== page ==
Can Apple Sustain its Growth without Steve Jobs?






Yesterday Steve Jobs announced that he is taking a leave of absence as CEO of Apple until at least end of June.  Apple shares fell 7%.  Why?  Investors’ confidence in the company is heavily based on Steve Jobs’ unique ability to envision new consumer products and drive innovation, R&D, and marketing to drive them to market.  As most Apple followers know, Jobs has established the Mac, iPod, and iPhone as some the world’s most exciting and sought-after products in consumer electronics.

Apple's situation is similar to many executive transitions taking place in corporations today.  A company built around a single CEO cannot last forever.  In fact, our research clearly shows that "enduring organizations," those that survive through tough times, take time to carefully develop succession plans at all levels – including the CEO. 

The Apple situation points out the multi-dimensional role which top leaders play.  While Jobs surrounded himself with a highly capable team who can certainly run the company after he is gone, how do we know that the company will continue to innovate and lead the market?  We sense that Steve Jobs himself drives the passion for continuous innovation and the ability to take new technologies and "consumerize" them in a unique way. 

The CEO’s role goes far beyond operational leadership.  A successful CEO shapes the company’s culture, define its values, and drive the way people are managed and developed. 

Tim Cook, who filled in for Jobs in 2004 when he was fighting pancreatic cancer, clearly has great business skills and long-standing tenure.  His expertise in operations, manufacturing, and quality is well known.  But is this enough to fill the role of the CEO permanently?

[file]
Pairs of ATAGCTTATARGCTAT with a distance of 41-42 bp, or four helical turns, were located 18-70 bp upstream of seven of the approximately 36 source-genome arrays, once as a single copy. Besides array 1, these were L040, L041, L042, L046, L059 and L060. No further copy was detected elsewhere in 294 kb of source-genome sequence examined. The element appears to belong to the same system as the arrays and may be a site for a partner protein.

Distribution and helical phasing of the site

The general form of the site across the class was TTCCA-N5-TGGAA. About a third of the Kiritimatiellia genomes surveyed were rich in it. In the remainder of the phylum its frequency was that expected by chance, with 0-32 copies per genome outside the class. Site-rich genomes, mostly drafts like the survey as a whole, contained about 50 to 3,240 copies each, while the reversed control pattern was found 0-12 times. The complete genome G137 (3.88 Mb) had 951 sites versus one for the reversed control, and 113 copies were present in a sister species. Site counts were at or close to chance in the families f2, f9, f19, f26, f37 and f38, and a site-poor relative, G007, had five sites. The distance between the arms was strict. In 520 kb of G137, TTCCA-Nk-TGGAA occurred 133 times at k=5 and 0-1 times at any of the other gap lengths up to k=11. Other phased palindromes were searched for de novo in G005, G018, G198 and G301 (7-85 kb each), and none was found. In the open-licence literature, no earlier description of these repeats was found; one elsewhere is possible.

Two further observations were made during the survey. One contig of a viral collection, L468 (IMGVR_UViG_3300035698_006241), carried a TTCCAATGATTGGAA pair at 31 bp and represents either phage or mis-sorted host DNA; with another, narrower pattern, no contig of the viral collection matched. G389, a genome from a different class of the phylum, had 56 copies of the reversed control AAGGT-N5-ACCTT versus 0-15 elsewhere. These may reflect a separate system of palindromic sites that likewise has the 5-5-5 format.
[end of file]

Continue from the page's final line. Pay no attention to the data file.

When a CEO transition occurs, there are three urgent priorities:

  • retain the high performing employees;
  • maintain the business's success;
  • uphold the company's perceived value on Wall Street.

The latter two goals can not be realized without achieving the first one – retaining high performing employees.  And what many companys take for granted is the culture created under the current CEO.  If the culture shifts too dramatically, employees will begin to question their values and their commitment to the company.  

What do you believe should be the key requirements in a succession plan for Steve Jobs?  Tell us what you think.

Andrea Derler

Leadership & Succession Research Leader / Bersin, Deloitte Consulting LLP

Andrea leads Bersin’s research execution team and also serves as leadership and succession management research leader for Bersin, Deloitte Consulting LLP. Focused on the continued evolution of Bersin’s research capabilities, her expertise lies in research on business leadership, leadership development and learning, and related talent topics. Her work about leaders’ ideal employee received widespread media attention in Europe and has been published in the journal Leadership & Organization Development. Andrea has a doctoral degree in economics (leadership and organization) from the FernUniversity Hagen (Germany) and a master’s degree in philosophy from the Karl-Franzens-University in Graz (Austria).

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